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This article was published 29/6/2018 (942 days ago), so information in it may no longer be current.
Mayor Brian Bowman is taking an exceptionally long time to find an answer.
"If I had to do it all over again, what would I have done differently?" he says, repeating the question just put to him amid the early morning din of a downtown coffee shop.
Resplendent in his typical I-don't-have-a-special-event uniform of crisp white shirt, sports jacket and jeans — he looks down at the table, eyes searching. "It's a really good question. I've never heard it phrased quite like that before."
After what seems like an eternity, he finally returns to the roughest moment of his first four years in office: his public spat with True North Sports and Entertainment chairman Mark Chipman over now-under-construction True North Square while he was just months into the job. In particular, Bowman's allegation that True North had somehow acted improperly in obtaining an option to develop land at 220 Carlton St.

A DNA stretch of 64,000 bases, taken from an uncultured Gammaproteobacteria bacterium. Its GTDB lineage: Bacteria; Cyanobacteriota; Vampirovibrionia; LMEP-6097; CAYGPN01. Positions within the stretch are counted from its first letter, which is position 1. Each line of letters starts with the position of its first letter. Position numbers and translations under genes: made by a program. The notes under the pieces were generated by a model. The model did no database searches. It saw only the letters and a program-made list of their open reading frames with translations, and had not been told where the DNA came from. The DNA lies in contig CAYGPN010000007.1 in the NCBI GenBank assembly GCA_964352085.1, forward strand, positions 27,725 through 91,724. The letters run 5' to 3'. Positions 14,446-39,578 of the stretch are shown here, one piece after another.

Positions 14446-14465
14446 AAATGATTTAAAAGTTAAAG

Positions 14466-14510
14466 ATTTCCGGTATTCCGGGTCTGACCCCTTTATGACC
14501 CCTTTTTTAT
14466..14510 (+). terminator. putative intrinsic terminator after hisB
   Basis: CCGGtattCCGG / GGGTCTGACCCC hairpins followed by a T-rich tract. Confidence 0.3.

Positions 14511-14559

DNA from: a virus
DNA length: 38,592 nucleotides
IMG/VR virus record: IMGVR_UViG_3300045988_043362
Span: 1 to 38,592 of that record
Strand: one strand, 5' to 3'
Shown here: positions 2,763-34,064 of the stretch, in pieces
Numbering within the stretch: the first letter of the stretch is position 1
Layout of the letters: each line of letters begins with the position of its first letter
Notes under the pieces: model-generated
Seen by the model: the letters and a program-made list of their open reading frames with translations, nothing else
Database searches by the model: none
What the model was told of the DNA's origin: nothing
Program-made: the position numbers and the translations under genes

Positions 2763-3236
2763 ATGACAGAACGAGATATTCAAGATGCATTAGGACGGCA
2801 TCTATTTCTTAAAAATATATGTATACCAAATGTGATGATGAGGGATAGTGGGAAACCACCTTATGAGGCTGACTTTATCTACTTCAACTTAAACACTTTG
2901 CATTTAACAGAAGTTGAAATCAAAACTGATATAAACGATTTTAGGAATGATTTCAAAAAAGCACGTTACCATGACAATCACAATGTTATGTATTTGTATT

"I think I would have chosen my language more carefully over 220 Carlton. I definitely think the language I used contributed to making that a more difficult file than it needed to be. But we eventually got to where we needed to go, which was to support a really fantastic project and to do it in an open and transparent way. You know, Mark and I have had some conversations about that whole issue, about things we both would have done differently."